For 99% of mankind’s existence, we have been hunters and gatherers.  Our current affluence is but a brief moment in human history.  Yet, we impose our will and influence on people whose way of life is just below the surface of our own collective memories.  However, we choose not to look there.

The fate of West Papua’s aboriginal population depends on how well they are respected by Indonesia and the rest of the world.  Respect means to “look over/more”.   This requires looking at the world’s aboriginal cultures differently from the way the colonialists did and continue to do.  It is a matter of celebrating who they are and what they can offer, rather than what can be taken of their land, labour, and resources. There is no doubt in my mind that very few of the advantages portrayed by the purveyors of globalization are trickling down to aboriginal people.

There is little doubt that people of the Asmat, Yali, Dani, KimYal/Goliat, Obini, Tokiat, and Shetak regions and the Wickbone of the Seng River, and the many other aboriginal cultures living in West Papua, will someday wear Western clothes and use money.  But I wonder if the quality of their lives will improve, or if they will be lost in the growing poverty statistics of the Third World.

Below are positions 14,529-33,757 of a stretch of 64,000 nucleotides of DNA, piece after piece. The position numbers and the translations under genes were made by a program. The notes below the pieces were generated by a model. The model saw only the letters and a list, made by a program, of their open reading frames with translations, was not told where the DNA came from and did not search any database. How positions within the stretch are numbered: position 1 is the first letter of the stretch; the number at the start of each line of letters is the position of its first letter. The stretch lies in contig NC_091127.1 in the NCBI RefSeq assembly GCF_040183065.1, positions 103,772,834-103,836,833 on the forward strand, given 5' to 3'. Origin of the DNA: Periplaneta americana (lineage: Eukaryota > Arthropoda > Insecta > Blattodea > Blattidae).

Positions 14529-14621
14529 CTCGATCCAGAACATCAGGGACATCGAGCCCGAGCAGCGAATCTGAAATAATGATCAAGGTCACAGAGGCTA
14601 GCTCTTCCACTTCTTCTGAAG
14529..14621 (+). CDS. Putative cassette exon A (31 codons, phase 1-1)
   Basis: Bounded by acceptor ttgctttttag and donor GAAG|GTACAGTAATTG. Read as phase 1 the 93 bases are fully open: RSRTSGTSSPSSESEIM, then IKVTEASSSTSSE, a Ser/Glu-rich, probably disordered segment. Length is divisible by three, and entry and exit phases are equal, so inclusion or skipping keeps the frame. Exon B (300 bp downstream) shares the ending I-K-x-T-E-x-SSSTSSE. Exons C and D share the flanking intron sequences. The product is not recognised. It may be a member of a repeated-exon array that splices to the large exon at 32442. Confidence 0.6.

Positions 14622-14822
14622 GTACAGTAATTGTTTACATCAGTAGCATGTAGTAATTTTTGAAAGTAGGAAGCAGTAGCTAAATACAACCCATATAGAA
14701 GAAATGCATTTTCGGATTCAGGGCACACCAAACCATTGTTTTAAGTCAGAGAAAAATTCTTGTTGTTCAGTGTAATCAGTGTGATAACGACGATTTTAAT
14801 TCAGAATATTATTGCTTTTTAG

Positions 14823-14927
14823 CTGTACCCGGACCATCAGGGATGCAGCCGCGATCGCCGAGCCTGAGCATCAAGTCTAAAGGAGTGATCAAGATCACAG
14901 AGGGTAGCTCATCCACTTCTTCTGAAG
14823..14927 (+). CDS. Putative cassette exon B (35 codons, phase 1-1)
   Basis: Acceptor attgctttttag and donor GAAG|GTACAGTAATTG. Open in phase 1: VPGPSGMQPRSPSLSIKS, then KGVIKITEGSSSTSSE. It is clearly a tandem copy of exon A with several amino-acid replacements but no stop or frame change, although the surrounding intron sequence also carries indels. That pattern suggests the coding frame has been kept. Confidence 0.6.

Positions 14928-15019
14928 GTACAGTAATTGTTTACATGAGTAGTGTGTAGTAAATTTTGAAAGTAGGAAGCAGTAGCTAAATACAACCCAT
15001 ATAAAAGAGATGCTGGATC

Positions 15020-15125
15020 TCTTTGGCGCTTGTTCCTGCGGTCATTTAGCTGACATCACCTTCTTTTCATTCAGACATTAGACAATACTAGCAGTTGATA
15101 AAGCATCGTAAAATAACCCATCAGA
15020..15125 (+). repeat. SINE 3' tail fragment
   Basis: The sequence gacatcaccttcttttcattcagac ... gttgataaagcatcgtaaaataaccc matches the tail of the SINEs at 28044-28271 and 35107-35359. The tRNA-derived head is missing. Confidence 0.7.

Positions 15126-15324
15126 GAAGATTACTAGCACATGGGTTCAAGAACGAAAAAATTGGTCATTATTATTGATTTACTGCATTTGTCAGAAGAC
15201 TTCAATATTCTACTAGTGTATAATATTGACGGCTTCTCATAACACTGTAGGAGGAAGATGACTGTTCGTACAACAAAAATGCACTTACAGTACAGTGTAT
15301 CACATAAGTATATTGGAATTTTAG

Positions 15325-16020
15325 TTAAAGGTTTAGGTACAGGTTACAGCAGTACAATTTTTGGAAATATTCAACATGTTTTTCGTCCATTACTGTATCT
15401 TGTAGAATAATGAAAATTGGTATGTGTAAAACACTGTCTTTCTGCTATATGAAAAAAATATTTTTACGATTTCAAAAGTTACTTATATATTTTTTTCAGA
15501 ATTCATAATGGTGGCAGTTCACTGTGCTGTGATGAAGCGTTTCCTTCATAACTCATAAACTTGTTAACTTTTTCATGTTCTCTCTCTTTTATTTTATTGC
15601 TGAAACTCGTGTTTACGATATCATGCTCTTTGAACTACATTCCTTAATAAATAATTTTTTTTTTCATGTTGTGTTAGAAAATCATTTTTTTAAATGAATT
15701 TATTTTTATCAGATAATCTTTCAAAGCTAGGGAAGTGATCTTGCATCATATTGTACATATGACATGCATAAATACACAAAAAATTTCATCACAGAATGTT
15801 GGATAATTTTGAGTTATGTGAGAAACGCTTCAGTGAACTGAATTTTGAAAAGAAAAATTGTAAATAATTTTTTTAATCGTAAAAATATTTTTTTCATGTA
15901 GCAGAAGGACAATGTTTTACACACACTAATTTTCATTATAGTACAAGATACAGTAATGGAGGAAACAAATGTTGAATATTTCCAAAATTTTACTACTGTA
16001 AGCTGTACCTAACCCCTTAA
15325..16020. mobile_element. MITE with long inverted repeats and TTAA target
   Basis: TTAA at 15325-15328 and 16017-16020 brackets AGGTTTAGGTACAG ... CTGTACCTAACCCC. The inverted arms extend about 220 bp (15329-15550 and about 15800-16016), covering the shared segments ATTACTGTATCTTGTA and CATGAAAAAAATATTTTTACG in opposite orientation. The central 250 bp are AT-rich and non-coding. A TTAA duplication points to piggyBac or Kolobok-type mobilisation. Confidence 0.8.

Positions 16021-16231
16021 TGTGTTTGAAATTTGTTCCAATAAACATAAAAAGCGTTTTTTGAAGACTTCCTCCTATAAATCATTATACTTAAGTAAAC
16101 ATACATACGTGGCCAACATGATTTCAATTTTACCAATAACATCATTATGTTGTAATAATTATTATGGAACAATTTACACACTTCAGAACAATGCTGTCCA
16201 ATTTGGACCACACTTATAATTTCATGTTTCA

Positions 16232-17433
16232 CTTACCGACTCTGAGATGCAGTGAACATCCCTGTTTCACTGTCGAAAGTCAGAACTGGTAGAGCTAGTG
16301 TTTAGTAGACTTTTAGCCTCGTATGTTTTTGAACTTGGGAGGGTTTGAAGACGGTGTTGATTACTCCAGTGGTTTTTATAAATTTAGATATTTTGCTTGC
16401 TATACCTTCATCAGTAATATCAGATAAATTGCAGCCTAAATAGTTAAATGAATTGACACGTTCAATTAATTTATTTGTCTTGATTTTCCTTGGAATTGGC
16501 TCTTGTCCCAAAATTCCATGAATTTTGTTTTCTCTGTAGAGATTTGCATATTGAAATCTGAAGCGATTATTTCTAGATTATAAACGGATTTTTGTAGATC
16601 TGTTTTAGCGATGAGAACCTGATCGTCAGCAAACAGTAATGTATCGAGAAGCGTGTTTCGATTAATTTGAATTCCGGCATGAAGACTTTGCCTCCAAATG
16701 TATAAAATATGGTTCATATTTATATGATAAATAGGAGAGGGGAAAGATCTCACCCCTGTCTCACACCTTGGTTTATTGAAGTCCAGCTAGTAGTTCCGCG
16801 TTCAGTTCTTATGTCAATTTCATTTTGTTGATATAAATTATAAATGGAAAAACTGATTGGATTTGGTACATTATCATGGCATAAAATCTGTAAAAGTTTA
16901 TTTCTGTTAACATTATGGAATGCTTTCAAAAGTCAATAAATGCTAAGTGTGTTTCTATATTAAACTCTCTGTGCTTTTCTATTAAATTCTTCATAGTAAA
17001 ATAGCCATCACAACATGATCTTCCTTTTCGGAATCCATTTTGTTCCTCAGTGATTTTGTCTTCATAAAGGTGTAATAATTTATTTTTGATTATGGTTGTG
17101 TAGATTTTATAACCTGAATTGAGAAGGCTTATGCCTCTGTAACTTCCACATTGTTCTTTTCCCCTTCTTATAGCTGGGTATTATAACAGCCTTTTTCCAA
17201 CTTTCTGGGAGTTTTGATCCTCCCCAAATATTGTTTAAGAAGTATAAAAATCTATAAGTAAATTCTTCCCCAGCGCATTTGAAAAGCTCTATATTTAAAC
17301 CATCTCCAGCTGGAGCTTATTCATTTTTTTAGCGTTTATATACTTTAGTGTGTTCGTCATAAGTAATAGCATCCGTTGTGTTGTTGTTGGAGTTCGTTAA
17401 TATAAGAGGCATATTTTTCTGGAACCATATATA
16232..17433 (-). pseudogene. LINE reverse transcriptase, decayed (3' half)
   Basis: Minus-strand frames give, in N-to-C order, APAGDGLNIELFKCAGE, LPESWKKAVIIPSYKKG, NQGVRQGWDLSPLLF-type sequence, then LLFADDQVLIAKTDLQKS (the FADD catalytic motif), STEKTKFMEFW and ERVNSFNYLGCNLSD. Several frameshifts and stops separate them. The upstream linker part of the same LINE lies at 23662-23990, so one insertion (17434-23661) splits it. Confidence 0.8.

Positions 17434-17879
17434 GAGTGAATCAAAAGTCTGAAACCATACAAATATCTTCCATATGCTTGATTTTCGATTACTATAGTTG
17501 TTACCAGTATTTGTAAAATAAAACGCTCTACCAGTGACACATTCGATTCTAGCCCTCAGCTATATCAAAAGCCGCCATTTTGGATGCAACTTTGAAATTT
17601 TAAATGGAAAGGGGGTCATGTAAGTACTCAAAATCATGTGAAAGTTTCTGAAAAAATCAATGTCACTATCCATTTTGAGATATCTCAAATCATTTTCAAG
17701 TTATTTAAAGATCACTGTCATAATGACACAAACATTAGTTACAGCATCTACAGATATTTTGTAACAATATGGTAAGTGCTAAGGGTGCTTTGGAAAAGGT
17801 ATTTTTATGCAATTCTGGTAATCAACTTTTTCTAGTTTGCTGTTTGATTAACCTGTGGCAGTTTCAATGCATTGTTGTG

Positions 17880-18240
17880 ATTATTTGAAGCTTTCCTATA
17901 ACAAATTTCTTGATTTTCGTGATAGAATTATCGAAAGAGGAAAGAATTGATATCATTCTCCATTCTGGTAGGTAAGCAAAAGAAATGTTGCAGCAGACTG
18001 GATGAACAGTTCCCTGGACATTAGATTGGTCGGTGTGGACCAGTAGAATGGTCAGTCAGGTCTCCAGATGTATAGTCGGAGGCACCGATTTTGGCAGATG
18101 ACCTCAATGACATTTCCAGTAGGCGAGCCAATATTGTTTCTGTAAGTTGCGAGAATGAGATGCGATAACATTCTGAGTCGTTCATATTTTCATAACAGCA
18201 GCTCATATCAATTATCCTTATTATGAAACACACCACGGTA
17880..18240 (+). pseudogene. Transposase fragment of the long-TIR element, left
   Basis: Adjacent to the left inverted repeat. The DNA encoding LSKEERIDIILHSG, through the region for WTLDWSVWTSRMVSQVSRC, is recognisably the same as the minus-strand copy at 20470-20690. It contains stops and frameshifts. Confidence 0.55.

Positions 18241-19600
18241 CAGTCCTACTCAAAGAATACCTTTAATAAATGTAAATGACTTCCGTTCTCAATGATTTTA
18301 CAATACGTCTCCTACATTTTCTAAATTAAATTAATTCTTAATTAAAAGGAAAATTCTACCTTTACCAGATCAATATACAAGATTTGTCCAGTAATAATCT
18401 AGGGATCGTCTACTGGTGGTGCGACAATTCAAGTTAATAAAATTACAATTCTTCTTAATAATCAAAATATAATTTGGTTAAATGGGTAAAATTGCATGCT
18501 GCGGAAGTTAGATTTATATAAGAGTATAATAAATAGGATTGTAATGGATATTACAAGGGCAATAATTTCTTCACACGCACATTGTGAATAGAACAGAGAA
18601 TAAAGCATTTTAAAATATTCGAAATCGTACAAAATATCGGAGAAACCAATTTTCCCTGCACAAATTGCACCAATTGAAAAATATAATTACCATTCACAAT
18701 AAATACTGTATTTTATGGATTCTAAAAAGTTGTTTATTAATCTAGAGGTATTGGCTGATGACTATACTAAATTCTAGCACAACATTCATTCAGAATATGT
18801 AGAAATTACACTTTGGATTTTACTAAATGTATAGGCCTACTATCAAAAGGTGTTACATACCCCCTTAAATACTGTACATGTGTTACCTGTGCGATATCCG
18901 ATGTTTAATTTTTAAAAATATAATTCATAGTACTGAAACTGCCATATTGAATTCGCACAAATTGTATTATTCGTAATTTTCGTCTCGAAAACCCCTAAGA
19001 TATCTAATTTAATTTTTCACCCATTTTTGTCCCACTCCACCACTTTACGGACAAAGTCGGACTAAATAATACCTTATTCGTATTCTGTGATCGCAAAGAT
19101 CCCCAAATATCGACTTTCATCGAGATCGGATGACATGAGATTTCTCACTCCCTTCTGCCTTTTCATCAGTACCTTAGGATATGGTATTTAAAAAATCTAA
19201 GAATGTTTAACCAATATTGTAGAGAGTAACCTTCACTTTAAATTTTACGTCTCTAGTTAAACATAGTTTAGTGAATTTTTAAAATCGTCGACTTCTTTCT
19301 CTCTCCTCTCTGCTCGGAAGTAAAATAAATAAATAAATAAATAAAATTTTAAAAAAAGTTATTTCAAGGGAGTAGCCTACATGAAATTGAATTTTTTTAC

It is obvious to me that for  development to be truly sustainable, common ground has to be found between economic progress and ecological and cultural integrity, and the relationship between man and nature.  West Papua’s  original people epitomize this communion.  Who they are, where they are, and what they do, are inseparable.  They live with a rare sensitivity to nature – a recognition that they are part of something much larger than themselves – an ecological imperative that is not computed in Gross National Product and balance of payments equations.  They live their lives with the   understanding that everything comes from the earth, and that they belong to the earth; it does not belong to them.  We need their wisdom far more than the oil, copper,  gold, and timber now being ripped from West Papua’s soil.

And when I see the multi-national corporations operating in West Papua, the biggest among them being Freeport mines, I am angry at the complete disregard that these operations have for anything or anyone beyond their reptilian vision.  It is narrow, selfish, and fear-based, and not much different from the mentality of those who run the Pentagon, produce landmines, or who use food and children as weapons of war. 

We cannot damage what we are dependent upon without damaging ourselves.   There is no “us and them”, “we and our environment”. Only us. In my heart, I learn things here that my head knows nothing about.